The call came after the volunteer crew of the station in north-east Scotland were forced to break self-isolation and launch their inshore lifeboat yesterday (Tuesday 14 April) following reports of a surfer in difficulty at a local beach.
The crew of three mustered quickly and launched the D-class lifeboat Buoy Woody 85N shortly after 3.30pm and reached the scene around 15 minutes later.
The surfer had been reportedly having difficulty getting back on his board and swimming ashore.
However, by the time the lifeboat arrived, the surfer was on his board and in no immediate danger. After speaking with the lifeboat crew, the surfer made his own way ashore.
Bill Deans MBE, operations manager at Aberdeen lifeboat station, said he was disappointed his crew had to expose themselves to risk in this way.
“Like most people, our volunteer lifeboat crew members are self-isolating at home in line with [UK] Government guidelines – mostly doing their day jobs remotely.
“But they are always willing to set aside their own concerns to respond if the call comes that someone is in danger at sea.
“There is no way a lifeboat crew of three can maintain two-metre separation aboard a five-metre long lifeboat – and if they had required to pull someone from the water, the infection concerns are obvious to all.”
Deans added: “I have every sympathy with people who would like to use their daily exercise period to swim, sail, surf or whatever — but on behalf of every lifeboat crew member in the UK and Ireland, I have to appeal to them not to put our crews at indirect risk by going into or onto the sea.
“Stay safe ashore, protect the emergency services and save lives.”
Cowes Week organisers say they are continuing to work from home on all aspects of this year’s event which is still scheduled to take place from 8-15 August.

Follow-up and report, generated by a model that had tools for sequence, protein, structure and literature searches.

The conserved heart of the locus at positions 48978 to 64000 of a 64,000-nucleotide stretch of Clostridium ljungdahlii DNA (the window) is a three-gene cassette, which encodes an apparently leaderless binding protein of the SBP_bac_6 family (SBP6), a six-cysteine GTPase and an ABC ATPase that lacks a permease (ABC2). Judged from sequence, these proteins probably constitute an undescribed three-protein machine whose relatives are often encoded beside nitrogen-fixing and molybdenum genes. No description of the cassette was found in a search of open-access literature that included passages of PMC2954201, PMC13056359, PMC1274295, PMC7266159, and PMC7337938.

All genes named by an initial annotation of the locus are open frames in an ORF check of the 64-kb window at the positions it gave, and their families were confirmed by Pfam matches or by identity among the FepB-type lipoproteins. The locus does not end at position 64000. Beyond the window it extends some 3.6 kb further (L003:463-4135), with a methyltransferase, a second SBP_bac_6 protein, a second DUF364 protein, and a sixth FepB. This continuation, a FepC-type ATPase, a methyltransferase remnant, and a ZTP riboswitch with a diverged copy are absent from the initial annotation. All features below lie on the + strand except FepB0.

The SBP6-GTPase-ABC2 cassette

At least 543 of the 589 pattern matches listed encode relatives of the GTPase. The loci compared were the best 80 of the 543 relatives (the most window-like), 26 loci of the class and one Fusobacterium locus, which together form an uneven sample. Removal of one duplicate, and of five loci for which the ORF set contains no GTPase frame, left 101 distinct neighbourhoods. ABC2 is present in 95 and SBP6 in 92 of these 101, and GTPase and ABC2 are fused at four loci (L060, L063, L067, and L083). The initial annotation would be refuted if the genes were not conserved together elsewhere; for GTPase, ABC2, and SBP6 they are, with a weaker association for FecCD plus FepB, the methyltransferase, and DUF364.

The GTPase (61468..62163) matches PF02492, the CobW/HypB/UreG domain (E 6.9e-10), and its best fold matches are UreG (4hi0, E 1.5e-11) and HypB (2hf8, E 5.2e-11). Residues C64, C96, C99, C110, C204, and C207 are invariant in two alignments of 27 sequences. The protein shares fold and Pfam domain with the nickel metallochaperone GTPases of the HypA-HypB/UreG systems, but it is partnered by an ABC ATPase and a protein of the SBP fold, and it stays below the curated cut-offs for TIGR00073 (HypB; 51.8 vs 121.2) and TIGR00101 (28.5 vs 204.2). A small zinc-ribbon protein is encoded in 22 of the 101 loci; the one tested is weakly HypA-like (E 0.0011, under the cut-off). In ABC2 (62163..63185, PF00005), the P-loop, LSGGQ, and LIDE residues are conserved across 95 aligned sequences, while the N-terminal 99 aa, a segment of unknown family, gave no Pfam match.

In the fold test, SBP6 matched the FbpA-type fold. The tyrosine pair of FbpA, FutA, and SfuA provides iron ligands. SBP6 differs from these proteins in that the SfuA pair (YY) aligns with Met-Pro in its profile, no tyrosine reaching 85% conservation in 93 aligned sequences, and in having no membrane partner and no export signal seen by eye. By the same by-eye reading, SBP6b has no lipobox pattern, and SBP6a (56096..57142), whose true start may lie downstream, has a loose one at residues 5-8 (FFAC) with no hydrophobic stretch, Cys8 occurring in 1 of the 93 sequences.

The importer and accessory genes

Regatta director Laurence Mead said: “We continue to move forward with plans for the event and remain hopeful that by the time we get to mid-August – still four months’ away - the necessity to socially distance ourselves will have reduced sufficiently so that we can run some great boat racing in Cowes.
“We can react quickly to changes in the [UK] Government restrictions and guidance, switching on or off various components with the minimum of lead time, and allowing us significant leeway – perhaps until the beginning of July - before we need to make any big decisions.”
Mead added: “The safety of participants and the hundreds of volunteers working behind the scenes is foremost in our minds, of course, but providing that we can run an event that complies with all guidance in place at the time, then we fully intend to do so.
“I suspect there will be a lot of sailors desperate to get boats on the water by August!”
The Notice of Regatta is set to be issues in the coming days on the Cowes Week website.
World Sailing president Kim Andersen has announced the immediate furloughing of almost all World Sailing staff for at least three weeks “to ensure the long-term financial viability” of the organisation.
In addition, higher paid staff are being requested to take a 20% pay cut until the end of the year.
In a statement released yesterday evening (Tuesday 14 April), Andersen confirmed that the board of World Sailing — whose staff are employed through a UK-based company — is taking advantage of financial supports made available by the UK Government to support salary costs during the Covid-19 pandemic.
From today, Wednesday 15 April, until Wednesday 6 May, almost all staff are on “furlough leave” and will not be permitted to engage in any work for World Sailing. Up to 80% of their salaries will be funded by the UK Government, with the difference covered by World Sailing.